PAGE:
How the city known for its cheese is the perfect inspiration for a supermarket supply chain


A multinational retailer carriers thousands of useful, tasty, warm and cold, sweet and savory, affordable and quality products, but these things don’t carry themselves to the shelves. 

Behind the scenes is a complex network of professionals that see to it the shelves are stocked daily full of quality products. From the fields to the supermarket shelves and each transaction in between. These people are called the supply chain. From A to Z– from the strawberries by truck from Sint-Truiden to the Tarbot by train from Tirana. From maker to store. From the fields to the webshop.

The questions Beanmachine got from this company: How do we deal with the supply chain smarter? Both now and looking toward future. How do we think outside the box? How do we bring a fresh perspective and insight to the retailer’s already established values? Who can help us without bringing the typical cookie-cutter answers?

Beanmachine doesn’t know anything about the technical side of the supply chain. Nor where to source the best strawberries or codfish. But we do know how to enable people to look differently at their own material. In order to do this, we take people out of their comfort zone and let them handle their work more creatively with a new methodology. Often, habits in thinking cause us to miss opportunities for improvement.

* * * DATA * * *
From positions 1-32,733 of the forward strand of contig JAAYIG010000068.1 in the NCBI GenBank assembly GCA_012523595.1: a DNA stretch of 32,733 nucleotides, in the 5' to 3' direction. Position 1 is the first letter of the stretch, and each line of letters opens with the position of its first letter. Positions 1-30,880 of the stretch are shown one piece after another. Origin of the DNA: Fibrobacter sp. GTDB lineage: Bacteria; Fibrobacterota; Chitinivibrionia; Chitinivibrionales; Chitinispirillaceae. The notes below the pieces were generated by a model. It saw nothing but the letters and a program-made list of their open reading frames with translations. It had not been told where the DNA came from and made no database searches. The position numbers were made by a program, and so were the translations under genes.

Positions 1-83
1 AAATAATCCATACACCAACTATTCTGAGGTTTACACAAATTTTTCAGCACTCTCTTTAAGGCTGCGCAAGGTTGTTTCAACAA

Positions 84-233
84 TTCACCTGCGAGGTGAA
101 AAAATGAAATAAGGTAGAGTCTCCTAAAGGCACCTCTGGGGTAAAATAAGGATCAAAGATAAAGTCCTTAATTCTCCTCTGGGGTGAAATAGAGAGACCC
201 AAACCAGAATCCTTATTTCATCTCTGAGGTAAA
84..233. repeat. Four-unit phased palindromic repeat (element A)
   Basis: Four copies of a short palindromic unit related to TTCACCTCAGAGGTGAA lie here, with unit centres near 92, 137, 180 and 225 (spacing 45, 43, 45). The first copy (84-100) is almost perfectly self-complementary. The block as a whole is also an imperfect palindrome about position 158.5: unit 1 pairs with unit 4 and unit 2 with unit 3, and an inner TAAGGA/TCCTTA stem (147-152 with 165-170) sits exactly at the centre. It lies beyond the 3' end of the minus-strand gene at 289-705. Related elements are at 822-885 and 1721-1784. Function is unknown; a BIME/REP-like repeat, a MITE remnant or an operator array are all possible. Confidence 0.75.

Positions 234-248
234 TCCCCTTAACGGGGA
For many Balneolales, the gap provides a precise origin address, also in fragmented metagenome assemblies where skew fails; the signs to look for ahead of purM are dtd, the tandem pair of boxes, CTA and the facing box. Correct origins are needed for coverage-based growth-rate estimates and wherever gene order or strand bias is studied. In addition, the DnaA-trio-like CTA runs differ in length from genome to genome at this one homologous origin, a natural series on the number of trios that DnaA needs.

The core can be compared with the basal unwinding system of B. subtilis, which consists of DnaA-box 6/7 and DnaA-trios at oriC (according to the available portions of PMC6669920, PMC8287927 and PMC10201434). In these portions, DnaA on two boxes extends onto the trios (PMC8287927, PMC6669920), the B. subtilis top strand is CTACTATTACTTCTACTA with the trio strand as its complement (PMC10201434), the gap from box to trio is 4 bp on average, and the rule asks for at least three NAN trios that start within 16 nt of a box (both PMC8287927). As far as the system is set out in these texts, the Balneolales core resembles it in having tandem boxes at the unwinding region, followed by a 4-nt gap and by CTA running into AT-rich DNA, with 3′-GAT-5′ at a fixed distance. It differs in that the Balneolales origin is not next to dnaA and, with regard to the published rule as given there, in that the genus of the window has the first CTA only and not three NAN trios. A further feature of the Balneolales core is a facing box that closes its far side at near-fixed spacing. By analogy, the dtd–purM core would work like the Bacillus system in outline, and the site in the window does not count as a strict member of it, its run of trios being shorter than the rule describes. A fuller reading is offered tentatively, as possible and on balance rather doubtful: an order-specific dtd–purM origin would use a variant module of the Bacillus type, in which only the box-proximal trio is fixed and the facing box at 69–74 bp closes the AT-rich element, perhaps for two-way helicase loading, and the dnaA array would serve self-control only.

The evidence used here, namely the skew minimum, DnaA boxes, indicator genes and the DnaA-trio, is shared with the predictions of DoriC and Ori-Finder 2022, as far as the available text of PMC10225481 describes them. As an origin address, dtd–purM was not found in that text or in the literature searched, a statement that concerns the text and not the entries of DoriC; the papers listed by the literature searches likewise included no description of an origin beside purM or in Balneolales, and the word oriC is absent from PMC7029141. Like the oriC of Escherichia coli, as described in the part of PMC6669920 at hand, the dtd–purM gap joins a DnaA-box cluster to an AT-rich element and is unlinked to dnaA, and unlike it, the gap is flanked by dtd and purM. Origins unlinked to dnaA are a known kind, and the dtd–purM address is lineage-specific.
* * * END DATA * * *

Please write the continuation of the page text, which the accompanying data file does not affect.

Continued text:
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We chose... to go ride bikes. Why? Because then you aren’t sitting behind your desk, and therefore can’t think like a desk-jockey. 

We devised The Bike Challenge. A trip through the alleys of Amsterdam, taking in what was around us. For example, what takeaways do you have from the local organic bakery that can be applied to the bakery section of the supermarket? Or what does branding mean to a design firm and how can that influence  your webshop? What can you learn from Amsterdam youth media mediums, if you want to start marketing to this crowd? All these questions relating to the supply chain were answered during our exercise.

For the grand finale we did an exercise with a real product and had to construct the entire supply chain from start to finish, using what we had learned on the bike trip. With little sprint-hints along the way, the puzzle pieces all fell into place.Why sprint? Because with the right tools you can gain a lot of ground in half a day. And after all, time is money. 

A super enriching two days in Amsterdam... and no joint needed!

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Our client was astonished by the result. Even those in the team who didn’t consider themselves creative had amazing ideas. Tangible, feasible ideas. For us Beans it was quite an enjoyable time. Talking, inspiring, being constructive, and sending people home happy. On top, Going on a bike ride for work? We've had worse. But by far the most rewarding part was seeing how people learned to tackle their problems independently.

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bean team

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